William J. Bennett served as Director of the Office of National Drug Control Policy under President George H. W. Bush and as Secretary of Education and Chairman of the National Endowment for the Humanities under President Reagan. He holds a bachelor of arts degree in philosophy from Williams College, a doctorate in political philosophy from the University of Texas, and a law degree from Harvard. He is the author of such bestselling books as The Educated Child, The Death of Outrage, The Book of Virtues, and the two-volume series America: The Last Best Hope. Dr. Bennett is the former host of the nationally syndicated radio show Bill Bennett's Morning in America and the current host of the popular podcast, The Bill Bennett Show. He is also the Washington Fellow of the Claremont Institute and a regular contributor to CNN. He, his wife, Elayne, and their two sons, John and Joseph, live in Maryland.
In this companion volume to The Book of Virtues (LJ 11/1/93), former Secretary of Education Bennett hopes to keep the needle of America's moral compass pointing always to the straight and narrow. Believing that learning to be virtuous is a lifelong journey, Bennett has provided a kind of moral travel guide and map through each territory‘childhood, adolescence, adulthood‘along the way. Selections range from Eudora Welty's touching story "A Worn Path" (childhood) to the Cinderella-like East European folk tale "The Twelve Months" (adolescence) to the overwrought tale of Monica, the mother of St. Augustine (adulthood). Bennett's certainty about the principles of right and wrong allow no room for the complexities inherent in the struggle to be virtuous. Even so, his books have been popular precisely because of this moral nostalgia and simplicity, so demand for this title is likely to be high. [Previewed in Prepub Alert, LJ 6/15/95.]‘ Henry L. Carrigan Jr., Westerville P.L., Ohio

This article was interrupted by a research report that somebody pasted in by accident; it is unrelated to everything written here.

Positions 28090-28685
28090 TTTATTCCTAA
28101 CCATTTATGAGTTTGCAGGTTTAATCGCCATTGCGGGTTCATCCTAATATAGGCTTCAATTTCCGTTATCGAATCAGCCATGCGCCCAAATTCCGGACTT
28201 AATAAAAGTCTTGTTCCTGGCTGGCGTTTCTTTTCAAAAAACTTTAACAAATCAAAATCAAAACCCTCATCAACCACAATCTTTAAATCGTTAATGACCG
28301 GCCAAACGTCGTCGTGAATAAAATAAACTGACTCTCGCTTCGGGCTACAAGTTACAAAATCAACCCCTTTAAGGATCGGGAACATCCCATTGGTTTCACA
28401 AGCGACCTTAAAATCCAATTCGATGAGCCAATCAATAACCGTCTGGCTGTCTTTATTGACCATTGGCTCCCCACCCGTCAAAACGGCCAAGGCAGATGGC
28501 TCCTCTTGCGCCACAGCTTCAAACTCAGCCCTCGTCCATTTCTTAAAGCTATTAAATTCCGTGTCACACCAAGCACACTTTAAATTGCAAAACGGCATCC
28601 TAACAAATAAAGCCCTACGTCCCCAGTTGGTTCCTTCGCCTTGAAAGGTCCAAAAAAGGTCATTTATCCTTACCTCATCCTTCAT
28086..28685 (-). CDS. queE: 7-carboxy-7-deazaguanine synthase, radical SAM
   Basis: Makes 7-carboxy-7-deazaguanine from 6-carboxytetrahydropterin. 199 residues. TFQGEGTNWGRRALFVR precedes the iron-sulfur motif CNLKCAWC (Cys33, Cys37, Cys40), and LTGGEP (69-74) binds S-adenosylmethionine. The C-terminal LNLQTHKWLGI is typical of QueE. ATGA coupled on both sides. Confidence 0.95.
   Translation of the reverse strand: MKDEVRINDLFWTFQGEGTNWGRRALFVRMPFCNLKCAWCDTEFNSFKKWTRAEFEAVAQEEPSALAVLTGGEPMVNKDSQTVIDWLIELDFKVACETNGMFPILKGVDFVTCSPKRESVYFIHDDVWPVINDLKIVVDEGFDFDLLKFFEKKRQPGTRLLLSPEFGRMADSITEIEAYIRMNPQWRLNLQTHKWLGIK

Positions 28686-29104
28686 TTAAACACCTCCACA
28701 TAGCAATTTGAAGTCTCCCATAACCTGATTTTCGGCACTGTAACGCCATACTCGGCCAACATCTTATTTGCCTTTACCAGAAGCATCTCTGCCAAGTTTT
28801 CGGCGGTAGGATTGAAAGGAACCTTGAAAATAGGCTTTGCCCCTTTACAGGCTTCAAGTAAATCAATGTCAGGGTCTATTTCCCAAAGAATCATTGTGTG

Like Bennett's bestselling Book of Virtues, this volume gathers hundreds of stories, poems and essays that defend or illustrate virtue and family values. Quoting Flannery O'Connor, Bennett states the book's purpose: ``You have to push as hard as the age that pushes against you.'' Compass, just as portly as its predecessor, is arranged by seven life stages and challenges: the child at home and at school; the adult in need of perseverance, compassion, family fidelity, community, responsibility and faith in God. Selections, ranging in length from just a few lines to over 15 pages, come mostly from times when masculine virtue was considered the norm and men took center stage. Most are from European or Western culture, but a not inconsiderable number are drawn from African, Asian and Latin American traditions. (Oct.)